Sexist Bullying: What’s Behind the “War on Women?”

Women are being attacked for their accomplishments, which only shows we've got more work to do

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Left; Charles Dharapak / AP: George Gojkovich / Getty Images

Left; Republican presidential candidate, former Pennsylvania Sen. Rick Santorum speaks before the American Israel Public Affairs Committee, in Washington, Tuesday, March 6, 2012. Right; Radio talk show host and political commentator Rush Limbaugh looks on from the sideline before a National Football League game between the Baltimore Ravens and Pittsburgh Steelers at Heinz Field on November 6, 2011 in Pittsburgh, Pennsylvania.

Perhaps Rush Limbaugh and Rick Santorum have done women a favor. We now have a clear picture of what we’re up against. We have full access to the perverted (and I use the word advisedly) logic of the radio head; only the sick-minded can continue to take Limbaugh seriously. And, during the reality TV series that is the Republican primary, a presidential contender’s vision for the future of women is clear: they should stay home, and, when not pressing aspirin between their knees, they should be pressing tea party science (which is to say, fable) into their children’s brains.

Limbaugh in particular seems obsessed with women who don’t know their places. His latest attack is on journalist Tracie McMillan, who went undercover to work on a farm, at Wal-Mart, and at Applebee’s, and wrote a book called The American Way of Eating. “What is with all of these young, single white women? Overeducated doesn’t mean intelligent,” spewed The Perv.  McMillan has a BA, but that makes her overeducated compared to Limbaugh, who dropped out of college after two semesters (“he flunked everything,” according to his mother.) Such is the stuff that makes a man a leader. Limbaugh probably shares Santorum’s view that a college education is elitist and unnecessary; women certainly don’t need it. And then there’s Limbaugh’s fascination with their marital status…best not to go there. Limbaugh’s contempt for women is astonishing—but even more stunning is that there is any company left to support his show with their advertising.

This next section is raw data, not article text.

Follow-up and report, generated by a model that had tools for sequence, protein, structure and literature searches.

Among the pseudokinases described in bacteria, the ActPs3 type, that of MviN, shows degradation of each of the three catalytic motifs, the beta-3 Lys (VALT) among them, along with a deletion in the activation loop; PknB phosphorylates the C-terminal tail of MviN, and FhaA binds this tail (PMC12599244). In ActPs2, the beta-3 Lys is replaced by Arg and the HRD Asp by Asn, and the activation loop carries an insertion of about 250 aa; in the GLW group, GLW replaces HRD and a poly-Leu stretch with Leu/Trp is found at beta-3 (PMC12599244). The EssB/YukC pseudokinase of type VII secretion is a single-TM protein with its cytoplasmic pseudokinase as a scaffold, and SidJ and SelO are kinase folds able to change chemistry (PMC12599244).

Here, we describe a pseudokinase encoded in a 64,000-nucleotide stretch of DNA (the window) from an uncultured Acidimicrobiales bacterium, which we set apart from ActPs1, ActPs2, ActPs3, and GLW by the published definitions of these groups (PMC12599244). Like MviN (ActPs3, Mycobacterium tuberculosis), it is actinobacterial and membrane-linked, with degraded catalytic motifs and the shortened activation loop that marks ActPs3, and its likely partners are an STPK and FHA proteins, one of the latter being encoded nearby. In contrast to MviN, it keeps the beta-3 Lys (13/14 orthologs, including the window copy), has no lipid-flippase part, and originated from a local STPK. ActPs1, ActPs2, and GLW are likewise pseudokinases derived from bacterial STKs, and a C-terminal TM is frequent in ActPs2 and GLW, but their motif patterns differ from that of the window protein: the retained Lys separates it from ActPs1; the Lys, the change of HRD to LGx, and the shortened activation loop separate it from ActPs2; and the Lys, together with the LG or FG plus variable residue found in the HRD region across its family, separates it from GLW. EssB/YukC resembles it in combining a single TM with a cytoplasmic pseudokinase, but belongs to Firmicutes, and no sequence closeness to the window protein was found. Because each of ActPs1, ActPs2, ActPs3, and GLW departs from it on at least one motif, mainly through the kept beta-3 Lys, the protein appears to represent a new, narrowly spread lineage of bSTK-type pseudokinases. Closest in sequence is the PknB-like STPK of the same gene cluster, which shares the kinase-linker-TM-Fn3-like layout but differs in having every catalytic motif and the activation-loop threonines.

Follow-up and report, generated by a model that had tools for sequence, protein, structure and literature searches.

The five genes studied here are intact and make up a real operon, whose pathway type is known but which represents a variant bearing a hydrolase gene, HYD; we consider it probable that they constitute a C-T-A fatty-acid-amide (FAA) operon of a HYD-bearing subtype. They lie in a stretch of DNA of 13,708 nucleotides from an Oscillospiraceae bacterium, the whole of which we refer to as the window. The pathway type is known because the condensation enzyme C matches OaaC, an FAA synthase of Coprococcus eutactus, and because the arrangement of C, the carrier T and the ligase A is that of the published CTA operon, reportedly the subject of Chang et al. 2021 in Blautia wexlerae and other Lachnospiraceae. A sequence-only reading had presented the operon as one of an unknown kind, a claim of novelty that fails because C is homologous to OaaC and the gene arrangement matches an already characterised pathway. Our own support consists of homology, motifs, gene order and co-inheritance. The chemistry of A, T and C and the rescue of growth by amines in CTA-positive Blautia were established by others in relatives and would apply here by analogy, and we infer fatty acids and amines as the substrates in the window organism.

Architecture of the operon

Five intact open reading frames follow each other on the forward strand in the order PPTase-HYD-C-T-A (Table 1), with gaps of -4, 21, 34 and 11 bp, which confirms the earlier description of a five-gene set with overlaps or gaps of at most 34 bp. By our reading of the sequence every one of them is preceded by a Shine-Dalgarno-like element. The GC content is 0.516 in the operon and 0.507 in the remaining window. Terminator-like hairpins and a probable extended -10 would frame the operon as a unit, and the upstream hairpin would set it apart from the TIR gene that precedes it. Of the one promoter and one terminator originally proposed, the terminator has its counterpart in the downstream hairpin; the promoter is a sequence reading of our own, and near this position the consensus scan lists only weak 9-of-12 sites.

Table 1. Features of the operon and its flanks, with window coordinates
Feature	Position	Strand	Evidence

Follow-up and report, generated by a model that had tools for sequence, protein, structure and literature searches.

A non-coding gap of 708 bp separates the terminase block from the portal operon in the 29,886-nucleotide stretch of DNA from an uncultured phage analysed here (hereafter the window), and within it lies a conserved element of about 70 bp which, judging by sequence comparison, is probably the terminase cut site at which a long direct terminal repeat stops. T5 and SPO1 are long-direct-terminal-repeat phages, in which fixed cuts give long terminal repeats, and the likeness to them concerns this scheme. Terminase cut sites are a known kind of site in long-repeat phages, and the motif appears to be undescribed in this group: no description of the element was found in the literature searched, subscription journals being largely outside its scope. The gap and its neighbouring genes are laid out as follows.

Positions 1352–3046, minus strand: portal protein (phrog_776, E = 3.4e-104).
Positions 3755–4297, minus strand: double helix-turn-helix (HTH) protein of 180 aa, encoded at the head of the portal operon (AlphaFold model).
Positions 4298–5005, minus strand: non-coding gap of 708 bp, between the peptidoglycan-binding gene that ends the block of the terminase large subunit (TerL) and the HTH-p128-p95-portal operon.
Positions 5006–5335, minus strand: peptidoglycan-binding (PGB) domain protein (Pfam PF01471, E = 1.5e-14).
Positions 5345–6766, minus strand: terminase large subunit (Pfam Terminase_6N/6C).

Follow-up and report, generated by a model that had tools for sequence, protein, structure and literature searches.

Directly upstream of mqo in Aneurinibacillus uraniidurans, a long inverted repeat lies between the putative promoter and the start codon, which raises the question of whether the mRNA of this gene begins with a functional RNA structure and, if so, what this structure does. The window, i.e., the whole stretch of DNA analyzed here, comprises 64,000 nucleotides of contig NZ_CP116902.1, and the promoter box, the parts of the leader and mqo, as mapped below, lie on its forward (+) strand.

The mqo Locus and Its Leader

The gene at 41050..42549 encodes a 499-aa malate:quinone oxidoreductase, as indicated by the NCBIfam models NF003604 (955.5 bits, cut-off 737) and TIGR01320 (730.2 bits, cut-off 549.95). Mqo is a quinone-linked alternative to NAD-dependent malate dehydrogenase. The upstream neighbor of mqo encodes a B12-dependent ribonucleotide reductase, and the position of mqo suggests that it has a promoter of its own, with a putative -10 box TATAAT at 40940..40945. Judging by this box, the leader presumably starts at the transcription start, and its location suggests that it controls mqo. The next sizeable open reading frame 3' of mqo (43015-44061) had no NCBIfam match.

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Those of us who became teenaged feminists in the seventies are experiencing a sickened sense of déjà vu. We fought all those gender equality battles, but are wondering if we now find ourselves all the way back at the same front lines. Have we stalled out? Not entirely.

More women have joined the workplace. But women still earn less than men—80.2 cents for every male dollar, an improvement over the old 62.3 cents in 1979. Women are still going into lower-paying fields.

Women represent just 3% of Fortune 500 CEOs, and less than 15% of corporate executives at top companies worldwide.

Post MBA men start their careers at higher levels than do women—and the women never catch up. Those “first jobs set the stage for all the inequities that follow,” according to a devastating report published in the Harvard Business Review last year.

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Revolutions proceed in fits and starts. All the data coming in simply tells us that we’ve got much more work to do. But it should give us hope, as well. We are making our own choices. And the needle on our accomplishments has moved. Perhaps that’s why the attacks on women are coming on so strong.

What once seemed impossible—a woman POTUS?—is now probable. Feminism hasn’t been a galvanizing force on college campuses, but perhaps it will again become one, given the overheated anti-woman rhetoric we’ve been hearing lately. It is all a matter of time. Younger women will have to decide how much urgency they feel about their futures. In the meantime, we can think of a few places for certain men to balance aspirin, while they sit in time out and contemplate their bullying behavior.

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